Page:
You should be getting your dogs nails trimmed every 1-2 months. Just buy a pair of cheap nail clippers or head down to your local groomer for a $10 trim. It’s so much easier to just pay for a nail trimming. Going into work with velociraptor sized scratches all down your arm isn’t a good look.
4) Protect The Dewclaw
Watch out for torn and ripped up dew claws on long hikes. You never know when a dewclaw is going to get caught and ripped off, but boy does it bleed. They’re barely attached and really painful when they get torn off.
Although the injury isn’t serious you will need to apply basic treatment. Carefully rub on a topical antibiotic and wrap the injured dewclaw to prevent further injury. Within about a week the injury should be fully healed.
5) Buy Your Dog Hiking Boots
It’s definitely a good idea to get your dog used to wearing dog boots at a young age. Dog boots can really help protect your dogs paws on rough terrain. They might take some getting used to, but they’re so worth it.
Dog boots will protect your dog’s paws from sharp rocks and extreme heat and cold surfaces. If you plan on doing a lot of winter hiking dog boots are an absolute must. Salt and other chemical treatments used to prevent ice will wreak havoc on a dog’s paws. They end up with blisters, cuts and bloody paws.
Not only do they protect your dogs paws, they also prevent slipping on wet surfaces. I really like Ruffwear’s Lineup of dog boots. They basically last forever and have a really nice grippy tread. Definitely spend the extra money on the Ruffwear boot liners, which add a little extra protection and keep the boots from slipping off.
Do Dogs Really Need Hiking Shoes?
On most hikes a dog’s paws will be perfectly fine without boots. Their paws are built to endure extreme conditions in a wide range of environments. So it’s really hard to say whether or not your dog actually needs hiking shoes.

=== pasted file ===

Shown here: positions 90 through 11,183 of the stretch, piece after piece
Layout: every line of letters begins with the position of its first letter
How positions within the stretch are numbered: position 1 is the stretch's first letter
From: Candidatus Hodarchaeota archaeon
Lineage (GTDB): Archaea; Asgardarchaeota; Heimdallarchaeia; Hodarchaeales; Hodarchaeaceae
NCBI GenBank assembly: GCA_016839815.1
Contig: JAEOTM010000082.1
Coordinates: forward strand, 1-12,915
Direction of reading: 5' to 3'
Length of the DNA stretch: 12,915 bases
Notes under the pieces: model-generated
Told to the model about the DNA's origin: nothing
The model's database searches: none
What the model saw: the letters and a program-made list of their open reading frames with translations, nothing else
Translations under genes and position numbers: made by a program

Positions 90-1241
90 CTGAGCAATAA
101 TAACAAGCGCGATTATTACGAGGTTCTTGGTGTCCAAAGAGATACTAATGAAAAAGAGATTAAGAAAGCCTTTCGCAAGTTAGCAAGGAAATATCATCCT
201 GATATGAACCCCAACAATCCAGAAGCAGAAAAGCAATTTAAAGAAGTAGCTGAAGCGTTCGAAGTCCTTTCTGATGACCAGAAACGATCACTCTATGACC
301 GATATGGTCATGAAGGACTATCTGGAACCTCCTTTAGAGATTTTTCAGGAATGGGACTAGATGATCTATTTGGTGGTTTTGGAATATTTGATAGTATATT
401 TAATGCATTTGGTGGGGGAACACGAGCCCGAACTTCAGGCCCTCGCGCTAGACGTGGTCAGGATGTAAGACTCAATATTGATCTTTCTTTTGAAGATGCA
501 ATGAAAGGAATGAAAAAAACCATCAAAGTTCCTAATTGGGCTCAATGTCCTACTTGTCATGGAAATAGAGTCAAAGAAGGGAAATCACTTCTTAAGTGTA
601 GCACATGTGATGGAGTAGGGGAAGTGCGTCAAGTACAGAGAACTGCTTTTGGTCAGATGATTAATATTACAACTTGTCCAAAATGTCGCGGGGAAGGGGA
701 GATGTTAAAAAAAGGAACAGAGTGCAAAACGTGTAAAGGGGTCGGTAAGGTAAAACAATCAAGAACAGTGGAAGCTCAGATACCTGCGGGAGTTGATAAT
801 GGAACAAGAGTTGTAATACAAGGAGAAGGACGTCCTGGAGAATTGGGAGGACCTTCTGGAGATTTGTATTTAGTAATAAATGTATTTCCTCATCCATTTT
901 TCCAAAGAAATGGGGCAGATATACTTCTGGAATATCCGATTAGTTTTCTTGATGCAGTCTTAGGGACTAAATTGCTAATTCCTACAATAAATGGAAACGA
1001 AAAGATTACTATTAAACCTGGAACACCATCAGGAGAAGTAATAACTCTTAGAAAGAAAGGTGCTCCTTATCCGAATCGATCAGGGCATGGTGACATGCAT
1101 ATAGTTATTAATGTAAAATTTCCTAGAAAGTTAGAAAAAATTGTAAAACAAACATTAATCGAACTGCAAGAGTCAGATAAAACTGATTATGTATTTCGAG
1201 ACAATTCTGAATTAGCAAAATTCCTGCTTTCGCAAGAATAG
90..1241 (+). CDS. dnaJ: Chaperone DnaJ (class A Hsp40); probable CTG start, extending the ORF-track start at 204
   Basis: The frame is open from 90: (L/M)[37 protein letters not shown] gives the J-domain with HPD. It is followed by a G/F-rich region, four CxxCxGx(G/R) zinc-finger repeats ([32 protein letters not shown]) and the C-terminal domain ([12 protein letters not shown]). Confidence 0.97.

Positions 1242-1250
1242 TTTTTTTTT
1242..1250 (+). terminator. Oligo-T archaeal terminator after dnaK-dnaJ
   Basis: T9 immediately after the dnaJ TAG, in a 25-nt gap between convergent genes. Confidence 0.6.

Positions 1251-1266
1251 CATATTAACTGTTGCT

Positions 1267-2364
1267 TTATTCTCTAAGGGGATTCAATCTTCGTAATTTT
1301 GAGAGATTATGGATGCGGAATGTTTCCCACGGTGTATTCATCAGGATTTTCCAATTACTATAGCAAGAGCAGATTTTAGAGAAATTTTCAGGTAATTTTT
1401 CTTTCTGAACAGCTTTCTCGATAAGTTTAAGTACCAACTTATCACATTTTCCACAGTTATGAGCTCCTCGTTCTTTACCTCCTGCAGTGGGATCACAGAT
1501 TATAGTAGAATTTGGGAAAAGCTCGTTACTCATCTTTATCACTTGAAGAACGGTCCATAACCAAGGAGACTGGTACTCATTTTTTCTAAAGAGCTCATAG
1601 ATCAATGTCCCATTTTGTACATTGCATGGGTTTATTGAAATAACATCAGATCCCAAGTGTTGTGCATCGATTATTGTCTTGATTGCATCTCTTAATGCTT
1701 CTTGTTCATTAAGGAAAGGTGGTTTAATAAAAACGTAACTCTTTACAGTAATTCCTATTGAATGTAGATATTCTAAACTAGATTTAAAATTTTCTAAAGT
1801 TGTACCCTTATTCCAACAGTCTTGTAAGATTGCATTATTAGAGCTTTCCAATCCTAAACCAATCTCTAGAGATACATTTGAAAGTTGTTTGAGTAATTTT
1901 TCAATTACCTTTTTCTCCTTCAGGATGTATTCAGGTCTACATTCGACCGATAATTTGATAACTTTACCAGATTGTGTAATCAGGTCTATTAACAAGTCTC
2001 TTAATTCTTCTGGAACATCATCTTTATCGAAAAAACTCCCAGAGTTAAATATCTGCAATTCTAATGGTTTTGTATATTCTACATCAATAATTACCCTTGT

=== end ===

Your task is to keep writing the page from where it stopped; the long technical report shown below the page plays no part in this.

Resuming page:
Hiking shoes are always a good idea, but it depends on the dog. Do you live in a plush apartment and rarely hit the trail? You will definitely need to toughen up your dogs paws and should probably consider buying hiking boots. A dog that spends 99% of the day indoors will have softer paw pads.
If you think that your dog could probably benefit from additional paw protection pick up a pair of boots. Try them out for a couple of weeks and see if your dog will even wear them.
Use treats and distractions to slowly introduce them to the boots. Some dogs just never seem to get used to wearing hiking boots.
6) Check Your Dogs Paws During and After The Hike
You should really be checking your dog’s paws throughout the entire hike. Whenever you stop for a quick break take 30 seconds to look over your dog’s paws.
Apply a little bit of moisturizer to the pads, check between the toes and look at the nails/dewclaws. Probably 99% of the time they will look great, but there could be a pebble or thorn jammed up between the toes.
It never hurts to check, plus they quickly get used to you checking their feet. If there ever ends up being a problem it will be way easier to deal with.
7) Treat Paw Injuries Before They Get Serious
The occasional tore up paw pad is just a part of hiking with your dog. You could have done everything right and the pads still get torn up.
Don’t worry! Dealing with a torn up pad isn’t all that difficult. Hopefully you purchased a good canine first aid kit. Just clean up the wound, apply a dab of antibiotic ointment and wrap the paw in a bandage. Watch the video below for a quick veterinarian demonstration.
Wrapping up the pad just offers a little extra padding for the remainder of the hike. Hopefully you can make it back to the car without causing further injury. Sometimes you might need to carry a dog that back that refuses to walk.